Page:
I currently own 6 rental properties. My question is that I want to start a corporation to build business credit, but I do not know what style of corporation to have. The idea behind this is that I want to buy real estate under a corporate name and no longer use my personal credit.
The answer to this question depends on several factors. First, do you own these properties yourself? This is important because single owner LLCs are no longer allowed in California. The next consideration -- and perhaps the most important -- is what is best for you based on your personal financial situation. At our firm we work with our clients' tax advisors to determine what type of business entity, if any, is best for the client.
While it is a good idea to keep business ventures separate so that your own personal assets are not at risk, this is often easier said than done. Nowadays lenders will ask you to personally guarantee loans and corporate credit cannot be built over night. Often it takes nearly a decade for a corporation to be able to secure credit in its own name but the only way to make this happen is to get it started.
IMPORTANT NOTE: These materials have been prepared by Adina T. Stern, A Professional Law Corporation for informational purposes only and are not intended as legal advice. The information available in this answer is not intended to create, and receipt of it does not constitute, an attorney-client relationship. The information on legal issues available here is not a substitute for legal advice from an attorney who is familiar with all of the facts surrounding your particular situation who is licensed in the appropriate jurisdiction. This answer does not create an attorney-client relationship.
Your best bet is to form an LLC. Many investors choose to form an LLC for each property so that if one property goes bad it does not impact all the others.
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The reason that the previous attorneys recommended creation of an LLC instead of a corporation is because LLC is better from the accounting standpoint when there is a mortgage on the real property. If you have a mortgage and you create a corporation, you may lose some financial advantages vs. if you create an LLC.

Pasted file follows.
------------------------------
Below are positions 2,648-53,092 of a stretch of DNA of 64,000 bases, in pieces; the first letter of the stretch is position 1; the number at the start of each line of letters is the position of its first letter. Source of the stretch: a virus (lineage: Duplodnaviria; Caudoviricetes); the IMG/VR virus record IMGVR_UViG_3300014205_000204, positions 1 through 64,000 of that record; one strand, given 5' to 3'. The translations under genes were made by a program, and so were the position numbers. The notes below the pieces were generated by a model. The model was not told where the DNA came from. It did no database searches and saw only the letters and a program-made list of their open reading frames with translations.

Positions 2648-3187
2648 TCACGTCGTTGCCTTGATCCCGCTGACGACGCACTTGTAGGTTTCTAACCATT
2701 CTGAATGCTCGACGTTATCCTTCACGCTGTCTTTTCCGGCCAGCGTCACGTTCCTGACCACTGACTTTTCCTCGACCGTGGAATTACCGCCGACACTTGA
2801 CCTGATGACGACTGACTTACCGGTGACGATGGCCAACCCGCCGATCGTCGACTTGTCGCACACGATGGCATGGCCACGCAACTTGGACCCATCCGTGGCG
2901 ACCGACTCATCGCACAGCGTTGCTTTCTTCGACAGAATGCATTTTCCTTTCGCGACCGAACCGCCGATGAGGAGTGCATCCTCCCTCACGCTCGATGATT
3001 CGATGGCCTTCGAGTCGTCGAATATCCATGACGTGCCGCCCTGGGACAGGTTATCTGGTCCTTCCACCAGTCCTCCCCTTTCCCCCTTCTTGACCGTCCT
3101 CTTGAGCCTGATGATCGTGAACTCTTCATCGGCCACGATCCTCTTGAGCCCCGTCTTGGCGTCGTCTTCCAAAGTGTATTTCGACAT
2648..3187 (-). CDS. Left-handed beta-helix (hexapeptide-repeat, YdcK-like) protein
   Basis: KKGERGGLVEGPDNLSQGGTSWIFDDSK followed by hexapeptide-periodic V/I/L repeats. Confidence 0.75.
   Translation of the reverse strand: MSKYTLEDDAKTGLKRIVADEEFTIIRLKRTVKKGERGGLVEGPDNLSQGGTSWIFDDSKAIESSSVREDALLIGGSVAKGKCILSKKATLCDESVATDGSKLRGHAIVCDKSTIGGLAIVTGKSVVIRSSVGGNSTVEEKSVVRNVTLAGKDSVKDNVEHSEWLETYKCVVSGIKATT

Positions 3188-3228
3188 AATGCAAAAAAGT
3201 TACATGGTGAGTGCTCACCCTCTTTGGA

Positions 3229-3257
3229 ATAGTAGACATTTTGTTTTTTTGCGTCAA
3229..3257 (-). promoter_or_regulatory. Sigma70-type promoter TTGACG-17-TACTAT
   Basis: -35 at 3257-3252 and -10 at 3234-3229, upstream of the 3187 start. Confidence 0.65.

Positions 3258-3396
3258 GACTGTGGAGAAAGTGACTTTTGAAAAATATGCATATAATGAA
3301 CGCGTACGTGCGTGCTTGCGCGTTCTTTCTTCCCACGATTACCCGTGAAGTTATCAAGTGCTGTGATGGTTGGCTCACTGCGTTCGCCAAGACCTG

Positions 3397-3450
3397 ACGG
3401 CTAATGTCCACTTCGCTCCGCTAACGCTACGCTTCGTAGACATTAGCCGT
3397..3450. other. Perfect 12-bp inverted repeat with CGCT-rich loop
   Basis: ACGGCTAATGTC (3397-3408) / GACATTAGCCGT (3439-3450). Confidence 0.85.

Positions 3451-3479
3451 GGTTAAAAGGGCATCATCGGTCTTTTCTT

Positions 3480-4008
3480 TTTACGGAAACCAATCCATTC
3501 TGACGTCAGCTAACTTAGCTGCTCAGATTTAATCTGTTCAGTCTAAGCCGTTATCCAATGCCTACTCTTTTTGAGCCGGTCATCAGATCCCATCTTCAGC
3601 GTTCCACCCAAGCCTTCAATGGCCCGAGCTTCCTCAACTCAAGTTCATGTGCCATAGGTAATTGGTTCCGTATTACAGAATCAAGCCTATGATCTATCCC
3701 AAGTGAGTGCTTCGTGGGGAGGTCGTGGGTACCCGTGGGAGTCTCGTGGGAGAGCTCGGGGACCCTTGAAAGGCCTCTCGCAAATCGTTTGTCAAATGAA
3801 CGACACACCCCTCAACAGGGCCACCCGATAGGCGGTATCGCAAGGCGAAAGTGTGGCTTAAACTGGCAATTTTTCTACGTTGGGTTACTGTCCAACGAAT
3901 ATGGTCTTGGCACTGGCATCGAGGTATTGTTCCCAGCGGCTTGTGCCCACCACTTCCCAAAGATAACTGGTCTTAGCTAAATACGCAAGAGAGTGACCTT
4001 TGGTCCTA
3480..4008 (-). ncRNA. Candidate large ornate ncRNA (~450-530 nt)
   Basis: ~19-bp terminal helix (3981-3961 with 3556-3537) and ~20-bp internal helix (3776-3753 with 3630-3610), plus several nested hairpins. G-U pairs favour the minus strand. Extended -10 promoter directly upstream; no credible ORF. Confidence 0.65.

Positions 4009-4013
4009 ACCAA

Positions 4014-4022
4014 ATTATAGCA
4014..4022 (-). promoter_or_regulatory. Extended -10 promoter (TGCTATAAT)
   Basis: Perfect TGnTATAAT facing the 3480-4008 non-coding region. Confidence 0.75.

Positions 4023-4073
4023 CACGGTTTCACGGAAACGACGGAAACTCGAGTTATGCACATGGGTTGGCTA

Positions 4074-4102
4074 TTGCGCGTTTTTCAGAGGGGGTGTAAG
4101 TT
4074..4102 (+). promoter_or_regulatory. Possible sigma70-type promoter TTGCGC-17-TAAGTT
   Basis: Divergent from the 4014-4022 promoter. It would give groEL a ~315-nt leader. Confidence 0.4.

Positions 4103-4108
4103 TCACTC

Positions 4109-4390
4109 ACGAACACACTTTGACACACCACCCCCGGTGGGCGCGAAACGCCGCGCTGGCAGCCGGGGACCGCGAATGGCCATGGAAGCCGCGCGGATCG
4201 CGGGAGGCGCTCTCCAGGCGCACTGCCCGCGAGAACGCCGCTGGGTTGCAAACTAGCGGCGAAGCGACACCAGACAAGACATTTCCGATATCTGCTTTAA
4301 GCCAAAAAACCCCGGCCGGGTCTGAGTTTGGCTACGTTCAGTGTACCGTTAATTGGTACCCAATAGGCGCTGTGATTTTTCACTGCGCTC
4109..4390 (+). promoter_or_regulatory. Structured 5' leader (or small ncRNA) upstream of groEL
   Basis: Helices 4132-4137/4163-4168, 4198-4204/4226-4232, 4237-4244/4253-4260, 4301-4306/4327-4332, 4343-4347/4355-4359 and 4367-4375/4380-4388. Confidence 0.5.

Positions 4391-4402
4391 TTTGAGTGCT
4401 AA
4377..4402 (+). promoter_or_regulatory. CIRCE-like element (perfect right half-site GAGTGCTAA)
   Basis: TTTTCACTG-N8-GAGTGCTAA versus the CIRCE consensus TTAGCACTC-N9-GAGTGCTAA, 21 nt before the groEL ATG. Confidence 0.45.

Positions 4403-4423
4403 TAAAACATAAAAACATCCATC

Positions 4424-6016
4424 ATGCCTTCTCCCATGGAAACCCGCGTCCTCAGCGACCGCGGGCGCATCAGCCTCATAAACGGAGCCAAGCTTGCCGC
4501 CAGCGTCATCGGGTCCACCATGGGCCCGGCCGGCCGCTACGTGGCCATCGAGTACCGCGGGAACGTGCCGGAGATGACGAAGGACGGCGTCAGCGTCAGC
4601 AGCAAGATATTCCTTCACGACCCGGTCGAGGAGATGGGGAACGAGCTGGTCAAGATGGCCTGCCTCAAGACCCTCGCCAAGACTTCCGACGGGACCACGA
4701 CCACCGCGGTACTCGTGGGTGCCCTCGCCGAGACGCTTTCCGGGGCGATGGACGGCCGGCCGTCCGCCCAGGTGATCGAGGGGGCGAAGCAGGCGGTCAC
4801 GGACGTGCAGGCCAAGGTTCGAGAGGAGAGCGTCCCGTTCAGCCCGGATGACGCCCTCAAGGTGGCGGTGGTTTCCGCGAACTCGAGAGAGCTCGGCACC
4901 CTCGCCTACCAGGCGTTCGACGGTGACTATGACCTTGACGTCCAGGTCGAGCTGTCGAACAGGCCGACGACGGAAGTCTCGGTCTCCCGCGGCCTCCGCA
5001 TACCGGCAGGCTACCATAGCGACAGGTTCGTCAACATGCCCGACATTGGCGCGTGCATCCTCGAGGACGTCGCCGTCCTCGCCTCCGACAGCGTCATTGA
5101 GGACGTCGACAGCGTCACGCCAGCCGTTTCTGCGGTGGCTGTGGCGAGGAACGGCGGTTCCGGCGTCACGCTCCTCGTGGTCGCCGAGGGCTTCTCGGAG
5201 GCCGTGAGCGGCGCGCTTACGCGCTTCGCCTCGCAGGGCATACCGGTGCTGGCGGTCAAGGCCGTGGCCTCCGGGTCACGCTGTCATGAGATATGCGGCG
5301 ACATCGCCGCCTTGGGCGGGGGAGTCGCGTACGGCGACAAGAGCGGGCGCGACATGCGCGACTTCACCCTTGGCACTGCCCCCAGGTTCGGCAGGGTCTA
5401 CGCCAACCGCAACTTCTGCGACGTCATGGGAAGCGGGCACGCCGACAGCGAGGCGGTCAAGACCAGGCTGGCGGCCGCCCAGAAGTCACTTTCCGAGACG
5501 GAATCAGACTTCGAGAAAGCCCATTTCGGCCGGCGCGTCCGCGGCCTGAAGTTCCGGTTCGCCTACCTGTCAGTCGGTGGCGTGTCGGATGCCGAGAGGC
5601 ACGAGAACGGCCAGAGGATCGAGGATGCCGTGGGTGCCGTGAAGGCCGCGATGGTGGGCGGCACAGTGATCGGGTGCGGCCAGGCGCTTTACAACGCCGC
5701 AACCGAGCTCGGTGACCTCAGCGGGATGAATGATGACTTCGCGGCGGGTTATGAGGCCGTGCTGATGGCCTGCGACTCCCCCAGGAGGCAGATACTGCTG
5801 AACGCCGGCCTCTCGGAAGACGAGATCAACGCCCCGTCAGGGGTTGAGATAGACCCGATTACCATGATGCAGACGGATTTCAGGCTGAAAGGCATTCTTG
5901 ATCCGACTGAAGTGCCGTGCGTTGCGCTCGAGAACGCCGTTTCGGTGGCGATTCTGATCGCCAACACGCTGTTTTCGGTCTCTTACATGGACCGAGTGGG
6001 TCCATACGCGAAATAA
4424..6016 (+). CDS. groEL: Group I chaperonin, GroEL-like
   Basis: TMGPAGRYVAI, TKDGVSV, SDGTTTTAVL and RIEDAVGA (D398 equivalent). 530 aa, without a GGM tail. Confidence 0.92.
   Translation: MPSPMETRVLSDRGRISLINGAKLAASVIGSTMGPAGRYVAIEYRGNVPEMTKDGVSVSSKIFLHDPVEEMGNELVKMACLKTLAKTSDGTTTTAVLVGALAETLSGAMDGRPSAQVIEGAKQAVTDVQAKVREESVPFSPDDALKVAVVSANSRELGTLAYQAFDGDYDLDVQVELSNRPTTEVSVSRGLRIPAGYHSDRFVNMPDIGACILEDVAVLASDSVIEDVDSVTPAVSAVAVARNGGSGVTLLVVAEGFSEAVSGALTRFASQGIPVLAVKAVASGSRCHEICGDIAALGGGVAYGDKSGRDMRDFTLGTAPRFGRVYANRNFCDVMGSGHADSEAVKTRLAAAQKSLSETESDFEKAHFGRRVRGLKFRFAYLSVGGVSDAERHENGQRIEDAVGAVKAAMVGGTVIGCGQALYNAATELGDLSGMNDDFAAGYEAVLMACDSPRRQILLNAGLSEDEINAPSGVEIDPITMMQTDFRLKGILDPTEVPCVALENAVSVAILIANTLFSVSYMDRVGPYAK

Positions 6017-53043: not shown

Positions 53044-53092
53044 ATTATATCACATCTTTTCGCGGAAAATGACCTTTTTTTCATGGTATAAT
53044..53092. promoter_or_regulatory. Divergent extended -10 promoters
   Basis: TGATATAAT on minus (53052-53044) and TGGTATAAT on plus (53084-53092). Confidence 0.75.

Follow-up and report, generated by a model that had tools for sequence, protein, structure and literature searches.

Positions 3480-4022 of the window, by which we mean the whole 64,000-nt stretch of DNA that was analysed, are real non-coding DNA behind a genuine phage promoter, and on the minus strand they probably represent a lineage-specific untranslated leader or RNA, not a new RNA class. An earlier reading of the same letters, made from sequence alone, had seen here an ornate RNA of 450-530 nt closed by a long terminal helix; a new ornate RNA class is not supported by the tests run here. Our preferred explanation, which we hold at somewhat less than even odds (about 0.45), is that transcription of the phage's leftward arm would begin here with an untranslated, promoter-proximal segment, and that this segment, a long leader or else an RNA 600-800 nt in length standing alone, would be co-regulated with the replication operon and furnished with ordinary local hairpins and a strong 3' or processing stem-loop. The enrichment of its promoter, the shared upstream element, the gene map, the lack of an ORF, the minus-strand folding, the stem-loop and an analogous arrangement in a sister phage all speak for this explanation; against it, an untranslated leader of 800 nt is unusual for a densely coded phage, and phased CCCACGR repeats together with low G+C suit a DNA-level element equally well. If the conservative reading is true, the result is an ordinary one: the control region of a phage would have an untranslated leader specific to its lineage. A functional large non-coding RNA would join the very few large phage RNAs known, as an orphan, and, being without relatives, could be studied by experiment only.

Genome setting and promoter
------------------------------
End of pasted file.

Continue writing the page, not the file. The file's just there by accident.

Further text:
If you do not have any mortgage or you desire to create a corporation anyway, the corporation may be either "C" or "S", which basically means that the corporation either pays taxes on its own or "passes through" its income to you and you show the income on your personal tax returns and pay taxes individually. Whether you would want to create a "C" or "S" corporation will depend mostly on your personal income from other sources (i.e., your income tax bracket) and on the corporate income (i.e., who would pay less taxes, corporation or you personally).
In any way, go to the attorney instead of trying to create a new entity for real estate holding purposes by yourself, and the attorney will be able to give you a clear guidance on the choice of entity depending on the totality of your circumstances. Many attorneys do not charge for the initial consultation regarding the choice of business entity.
Forming an LLC or Subchapter S corporation may be a good idea to build business credit. However, if your intention is to transfer properties that are subject to mortgage loans to the newly created entity, you may trigger a due-on-sale provision in the promissory note(s). The due-on-sale provision usually mandates the acceleration of the mortgage loan if title is transferred from the original borrower. While it is not likely the lender will accelerate the loan, it may have the contractual ability to do so.
In planning for your choice of entity and the legal ramifications of incorporating, I recommend you retain an attorney in your area whose practice involves both real estate and business law. Best of luck.
The information above is not legal advice and should not be relied upon for any reason whatsoever. Furthermore, this information does not establish an attorney-client relationship.